I fear that in giving you the names of my tomes will only, in a moment of wine induced weakness, cause you to read one of them, and your ending up at Bellevue screaming “why me, why me” is not something I want on my conscious…you’ll have to sign a waiver…

    Would you be keen for another Q & A session on the morrow?…

  6. Charlotte Dixon

    Sorry I didn't have the answer you wanted, but what can I say?  You wouldn't want me to lie, would you?  I think its wonderful that you are putting your work up on Kindle, and if its a simple question, ask away.

  7. Jessica Baverstock

    What stops me from a good writing session? My health.

    My energy levels are up and down like a yo-yo on steroids (why a yo-yo should take steroids in the first place is beyond me, I just feel the effects) so there are days when my writing goes really well and days when it really doesn’t.

    Just like you, I find understanding the reasons why the session hasn’t gone well helps to stop the depressive slide into self-pity. I know I probably won’t write my best when I feel ill, so I don’t expect myself to. I find other things to do with my time until the yo-yo takes an upturn.

    In case you’re wondering, we’re on particularly nasty downer at the moment, but it should be temporary. 😉

    Hope your latest writing session turned out well.

  8. Ledger D'Main

    Nag, no more questions, I’m already feeling guilty, besides it will just set a bad precedent among your followers.
    Actuality for me, I found that the more rules of writing/grammar/sentence structure I know, the less I get done. I prefer to merrily tippy tap on my keyboard oblivious to the rigid rubrics of elitist NY lit agents…only on my 12th re-editing will I suspend Captain Morgan’s influence over me and take a hard look at where that comma or this comma should be, or whether uncle, north, or southwest should be capitalized…writing should be fun and not done in an atmosphere of dread worrying about Ms. Grundy wrapping ones knuckles with a ruler because you don’t know the difference between an adverb and a pronoun…and don’t we all have too much trouble already two finger pecking on chicklet sized keyboards, the spelling gymnastics of the English language, keeping our fictional character’s characteristics straight, reaching our plot points, creating something from nothing that is readable, enjoyable, page turning and on some level at least plausible…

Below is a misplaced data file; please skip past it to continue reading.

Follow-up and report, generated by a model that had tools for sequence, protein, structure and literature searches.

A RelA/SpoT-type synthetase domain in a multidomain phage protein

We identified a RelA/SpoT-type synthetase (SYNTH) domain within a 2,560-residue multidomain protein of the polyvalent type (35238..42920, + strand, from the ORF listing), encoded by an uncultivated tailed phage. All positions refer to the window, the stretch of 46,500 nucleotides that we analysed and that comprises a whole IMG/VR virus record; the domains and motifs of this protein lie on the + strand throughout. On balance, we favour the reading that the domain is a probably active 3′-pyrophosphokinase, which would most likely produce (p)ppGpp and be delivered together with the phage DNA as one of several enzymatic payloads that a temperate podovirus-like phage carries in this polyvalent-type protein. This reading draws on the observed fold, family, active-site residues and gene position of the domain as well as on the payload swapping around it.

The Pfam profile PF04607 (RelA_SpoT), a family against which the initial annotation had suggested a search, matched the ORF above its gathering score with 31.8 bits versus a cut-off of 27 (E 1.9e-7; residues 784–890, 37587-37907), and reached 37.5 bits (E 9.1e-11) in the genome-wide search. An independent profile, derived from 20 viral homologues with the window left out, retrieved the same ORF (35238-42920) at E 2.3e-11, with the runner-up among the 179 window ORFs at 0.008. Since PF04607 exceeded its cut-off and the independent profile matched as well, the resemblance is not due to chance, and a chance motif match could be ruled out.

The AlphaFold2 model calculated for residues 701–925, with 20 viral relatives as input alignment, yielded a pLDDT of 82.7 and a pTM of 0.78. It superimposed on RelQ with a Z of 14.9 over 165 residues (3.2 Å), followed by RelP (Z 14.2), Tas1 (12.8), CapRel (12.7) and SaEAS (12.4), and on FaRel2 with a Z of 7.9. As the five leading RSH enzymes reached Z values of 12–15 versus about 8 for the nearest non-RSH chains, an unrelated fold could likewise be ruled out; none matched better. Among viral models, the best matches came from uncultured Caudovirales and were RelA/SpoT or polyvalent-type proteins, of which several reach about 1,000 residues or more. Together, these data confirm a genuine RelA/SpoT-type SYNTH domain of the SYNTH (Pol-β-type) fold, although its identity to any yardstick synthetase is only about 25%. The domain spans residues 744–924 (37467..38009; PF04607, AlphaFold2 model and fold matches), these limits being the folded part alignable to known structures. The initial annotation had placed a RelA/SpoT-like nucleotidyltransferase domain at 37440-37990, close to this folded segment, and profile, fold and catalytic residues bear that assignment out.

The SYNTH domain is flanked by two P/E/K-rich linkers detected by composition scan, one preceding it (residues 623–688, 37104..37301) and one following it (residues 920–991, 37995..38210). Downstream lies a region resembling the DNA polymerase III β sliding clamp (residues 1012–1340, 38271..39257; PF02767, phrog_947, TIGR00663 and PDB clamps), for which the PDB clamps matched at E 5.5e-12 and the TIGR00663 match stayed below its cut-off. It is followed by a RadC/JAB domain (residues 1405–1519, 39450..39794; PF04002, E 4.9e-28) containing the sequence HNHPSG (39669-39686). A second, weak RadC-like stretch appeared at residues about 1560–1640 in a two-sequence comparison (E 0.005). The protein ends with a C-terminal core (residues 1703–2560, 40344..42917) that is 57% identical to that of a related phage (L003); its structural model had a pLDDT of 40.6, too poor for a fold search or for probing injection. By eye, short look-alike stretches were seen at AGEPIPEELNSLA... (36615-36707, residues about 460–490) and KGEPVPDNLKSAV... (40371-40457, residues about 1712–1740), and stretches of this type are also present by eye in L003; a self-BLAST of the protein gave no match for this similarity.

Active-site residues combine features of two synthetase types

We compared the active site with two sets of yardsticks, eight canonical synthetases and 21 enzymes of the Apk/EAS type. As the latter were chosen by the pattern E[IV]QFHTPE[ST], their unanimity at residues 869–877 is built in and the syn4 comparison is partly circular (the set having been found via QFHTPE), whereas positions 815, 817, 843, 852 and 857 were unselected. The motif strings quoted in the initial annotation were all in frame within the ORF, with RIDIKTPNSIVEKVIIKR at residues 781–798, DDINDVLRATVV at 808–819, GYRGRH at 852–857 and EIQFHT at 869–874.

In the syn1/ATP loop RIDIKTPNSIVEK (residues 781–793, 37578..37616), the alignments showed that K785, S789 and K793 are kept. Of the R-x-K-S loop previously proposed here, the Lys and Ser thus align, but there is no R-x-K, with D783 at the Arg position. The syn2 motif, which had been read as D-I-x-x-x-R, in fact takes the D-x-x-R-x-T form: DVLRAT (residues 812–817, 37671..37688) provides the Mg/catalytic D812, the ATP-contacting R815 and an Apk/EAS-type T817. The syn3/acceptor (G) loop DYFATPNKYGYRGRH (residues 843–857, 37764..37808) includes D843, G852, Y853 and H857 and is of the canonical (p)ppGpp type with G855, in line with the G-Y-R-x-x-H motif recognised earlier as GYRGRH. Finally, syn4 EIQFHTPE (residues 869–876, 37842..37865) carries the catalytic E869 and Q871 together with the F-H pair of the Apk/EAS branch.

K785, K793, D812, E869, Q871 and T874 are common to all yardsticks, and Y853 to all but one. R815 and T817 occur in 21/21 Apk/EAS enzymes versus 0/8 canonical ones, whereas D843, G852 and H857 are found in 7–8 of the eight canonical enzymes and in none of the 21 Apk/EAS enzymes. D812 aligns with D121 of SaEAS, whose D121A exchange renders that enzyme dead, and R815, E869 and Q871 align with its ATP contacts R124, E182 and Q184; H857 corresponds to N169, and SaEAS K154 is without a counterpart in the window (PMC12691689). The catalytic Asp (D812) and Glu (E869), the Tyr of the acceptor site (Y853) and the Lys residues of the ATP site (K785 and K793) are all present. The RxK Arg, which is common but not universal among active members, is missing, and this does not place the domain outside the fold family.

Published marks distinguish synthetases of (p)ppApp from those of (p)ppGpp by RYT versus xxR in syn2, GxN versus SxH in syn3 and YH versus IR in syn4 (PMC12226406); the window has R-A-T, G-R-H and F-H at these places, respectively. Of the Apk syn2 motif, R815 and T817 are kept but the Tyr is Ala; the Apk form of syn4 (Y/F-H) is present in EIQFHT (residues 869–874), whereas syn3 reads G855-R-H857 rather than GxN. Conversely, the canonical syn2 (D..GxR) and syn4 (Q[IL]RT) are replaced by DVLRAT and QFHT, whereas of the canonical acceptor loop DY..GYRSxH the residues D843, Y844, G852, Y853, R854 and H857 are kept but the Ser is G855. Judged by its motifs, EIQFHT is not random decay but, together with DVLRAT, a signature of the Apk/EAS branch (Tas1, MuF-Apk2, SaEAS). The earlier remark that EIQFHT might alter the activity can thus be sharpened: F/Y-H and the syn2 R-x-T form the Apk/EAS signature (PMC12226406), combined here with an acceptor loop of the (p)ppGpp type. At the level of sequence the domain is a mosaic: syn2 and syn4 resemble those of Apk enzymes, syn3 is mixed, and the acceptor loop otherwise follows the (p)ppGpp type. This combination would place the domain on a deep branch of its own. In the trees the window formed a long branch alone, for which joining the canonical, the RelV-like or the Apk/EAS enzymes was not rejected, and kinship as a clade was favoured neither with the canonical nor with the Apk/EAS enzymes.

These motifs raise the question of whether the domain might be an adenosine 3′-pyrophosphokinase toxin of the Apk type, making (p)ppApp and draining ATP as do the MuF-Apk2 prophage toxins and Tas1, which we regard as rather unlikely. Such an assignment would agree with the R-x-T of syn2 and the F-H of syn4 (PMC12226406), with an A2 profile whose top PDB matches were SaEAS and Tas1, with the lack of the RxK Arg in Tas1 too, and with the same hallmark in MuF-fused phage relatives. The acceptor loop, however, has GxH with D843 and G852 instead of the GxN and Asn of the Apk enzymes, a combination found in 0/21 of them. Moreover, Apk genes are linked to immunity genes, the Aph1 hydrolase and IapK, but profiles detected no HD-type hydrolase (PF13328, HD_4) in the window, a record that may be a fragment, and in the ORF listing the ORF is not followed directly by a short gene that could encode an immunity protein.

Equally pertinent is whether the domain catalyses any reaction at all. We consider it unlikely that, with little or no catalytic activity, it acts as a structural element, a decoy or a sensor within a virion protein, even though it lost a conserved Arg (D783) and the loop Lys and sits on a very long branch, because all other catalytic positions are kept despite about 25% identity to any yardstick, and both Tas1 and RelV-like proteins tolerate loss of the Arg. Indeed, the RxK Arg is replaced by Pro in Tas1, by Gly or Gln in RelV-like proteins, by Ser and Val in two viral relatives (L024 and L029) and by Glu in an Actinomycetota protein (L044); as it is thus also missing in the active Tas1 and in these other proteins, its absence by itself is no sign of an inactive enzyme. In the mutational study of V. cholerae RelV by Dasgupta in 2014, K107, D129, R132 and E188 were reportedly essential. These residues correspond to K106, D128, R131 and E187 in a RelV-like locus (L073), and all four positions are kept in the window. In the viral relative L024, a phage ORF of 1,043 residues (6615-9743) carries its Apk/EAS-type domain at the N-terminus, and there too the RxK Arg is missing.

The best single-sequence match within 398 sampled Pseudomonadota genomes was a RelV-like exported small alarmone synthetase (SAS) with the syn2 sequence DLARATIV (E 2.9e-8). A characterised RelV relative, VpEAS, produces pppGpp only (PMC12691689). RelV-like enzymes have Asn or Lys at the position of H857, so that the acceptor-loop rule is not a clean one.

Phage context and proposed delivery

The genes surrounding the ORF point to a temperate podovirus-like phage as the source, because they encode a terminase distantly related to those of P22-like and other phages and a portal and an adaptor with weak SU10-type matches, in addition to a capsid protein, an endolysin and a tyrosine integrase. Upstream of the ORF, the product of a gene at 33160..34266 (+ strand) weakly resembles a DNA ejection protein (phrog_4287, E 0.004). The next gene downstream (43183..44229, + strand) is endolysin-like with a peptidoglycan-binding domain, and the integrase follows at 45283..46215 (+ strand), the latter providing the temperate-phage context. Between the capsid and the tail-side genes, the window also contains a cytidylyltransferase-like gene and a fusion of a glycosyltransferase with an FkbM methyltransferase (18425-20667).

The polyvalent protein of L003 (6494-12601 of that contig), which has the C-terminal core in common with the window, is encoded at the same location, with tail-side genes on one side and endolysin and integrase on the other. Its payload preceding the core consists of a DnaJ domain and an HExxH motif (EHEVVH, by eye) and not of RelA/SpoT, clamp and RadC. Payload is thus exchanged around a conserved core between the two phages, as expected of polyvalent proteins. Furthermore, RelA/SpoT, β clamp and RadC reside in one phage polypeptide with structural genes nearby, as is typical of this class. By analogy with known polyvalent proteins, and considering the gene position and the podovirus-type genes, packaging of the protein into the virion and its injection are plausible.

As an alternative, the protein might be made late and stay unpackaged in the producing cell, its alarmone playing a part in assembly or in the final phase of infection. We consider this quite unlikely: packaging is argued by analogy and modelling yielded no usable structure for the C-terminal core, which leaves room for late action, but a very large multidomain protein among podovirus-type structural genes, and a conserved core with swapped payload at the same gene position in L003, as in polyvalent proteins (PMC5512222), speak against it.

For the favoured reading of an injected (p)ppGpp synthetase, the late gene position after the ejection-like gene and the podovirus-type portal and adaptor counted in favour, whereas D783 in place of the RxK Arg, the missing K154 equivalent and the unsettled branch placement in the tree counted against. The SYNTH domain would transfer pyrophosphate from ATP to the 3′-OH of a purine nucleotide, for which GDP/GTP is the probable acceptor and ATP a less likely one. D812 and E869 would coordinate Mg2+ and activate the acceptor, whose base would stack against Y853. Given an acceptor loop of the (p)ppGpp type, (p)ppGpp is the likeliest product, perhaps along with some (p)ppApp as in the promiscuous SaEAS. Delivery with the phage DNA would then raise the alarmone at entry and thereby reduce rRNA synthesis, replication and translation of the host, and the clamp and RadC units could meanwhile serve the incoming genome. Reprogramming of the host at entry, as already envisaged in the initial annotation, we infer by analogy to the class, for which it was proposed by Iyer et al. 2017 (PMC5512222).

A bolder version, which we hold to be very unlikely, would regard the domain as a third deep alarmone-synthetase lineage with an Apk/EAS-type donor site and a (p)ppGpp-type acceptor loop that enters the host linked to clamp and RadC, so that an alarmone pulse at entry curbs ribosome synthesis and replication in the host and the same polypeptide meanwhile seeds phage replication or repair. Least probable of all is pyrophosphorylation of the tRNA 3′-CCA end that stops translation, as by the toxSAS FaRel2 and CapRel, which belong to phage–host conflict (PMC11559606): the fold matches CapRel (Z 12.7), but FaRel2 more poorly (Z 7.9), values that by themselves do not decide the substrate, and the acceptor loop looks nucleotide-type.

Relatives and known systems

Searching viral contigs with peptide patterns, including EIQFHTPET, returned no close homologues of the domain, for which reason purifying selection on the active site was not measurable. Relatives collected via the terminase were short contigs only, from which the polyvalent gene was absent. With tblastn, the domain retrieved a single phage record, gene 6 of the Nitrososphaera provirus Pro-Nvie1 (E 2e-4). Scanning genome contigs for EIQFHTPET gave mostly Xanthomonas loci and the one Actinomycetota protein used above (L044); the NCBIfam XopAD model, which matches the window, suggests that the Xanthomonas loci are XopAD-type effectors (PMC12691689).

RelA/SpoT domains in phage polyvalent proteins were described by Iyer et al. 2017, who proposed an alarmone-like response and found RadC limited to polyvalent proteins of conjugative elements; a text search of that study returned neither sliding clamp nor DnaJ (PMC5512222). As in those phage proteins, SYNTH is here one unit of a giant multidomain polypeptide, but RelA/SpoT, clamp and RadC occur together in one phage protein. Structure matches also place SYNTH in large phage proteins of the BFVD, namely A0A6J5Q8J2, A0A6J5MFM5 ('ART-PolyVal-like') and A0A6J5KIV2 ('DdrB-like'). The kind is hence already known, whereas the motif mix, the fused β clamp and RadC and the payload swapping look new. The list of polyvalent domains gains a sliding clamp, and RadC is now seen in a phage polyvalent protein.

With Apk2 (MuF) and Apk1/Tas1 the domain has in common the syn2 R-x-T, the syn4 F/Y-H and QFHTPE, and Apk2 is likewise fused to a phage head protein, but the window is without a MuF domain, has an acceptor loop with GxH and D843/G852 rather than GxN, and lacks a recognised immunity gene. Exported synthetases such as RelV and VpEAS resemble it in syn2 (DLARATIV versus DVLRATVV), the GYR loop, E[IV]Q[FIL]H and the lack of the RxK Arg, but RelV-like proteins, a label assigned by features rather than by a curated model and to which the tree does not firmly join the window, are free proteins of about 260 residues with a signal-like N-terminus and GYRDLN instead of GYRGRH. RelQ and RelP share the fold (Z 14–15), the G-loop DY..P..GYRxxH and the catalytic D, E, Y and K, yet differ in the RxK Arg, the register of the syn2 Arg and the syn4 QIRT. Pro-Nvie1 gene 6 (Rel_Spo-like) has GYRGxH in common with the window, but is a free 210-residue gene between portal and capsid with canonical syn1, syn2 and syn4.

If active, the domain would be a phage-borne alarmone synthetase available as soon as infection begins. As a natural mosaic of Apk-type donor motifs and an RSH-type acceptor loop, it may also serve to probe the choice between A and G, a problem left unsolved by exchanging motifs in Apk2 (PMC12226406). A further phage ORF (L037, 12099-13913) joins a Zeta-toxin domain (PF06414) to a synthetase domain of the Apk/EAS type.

Thanks again, but guilt is a red stain that is hard to wash away—lol…

  9. Charlotte Dixon

    Hey Ledge, actually you are doing things exactly the way I do them.  I write with abandon for the first few drafts, worrying more about story and character and setting than grammar and all that not-so-fun stuff.  Then on the final draft, I go through the manuscript with a fine-toothed comb. 

  10. Charlotte Dixon

    Oh Jessica, sending you love and good healthy thoughts for this downturn!  So sorry to hear it.  And, you are one of the most prolific writers I know, despite having to deal with health issues on a consistent basis.  You are very wise to turn your attention to other things that you know you can manage while not feeling up to par.

  11. Sandy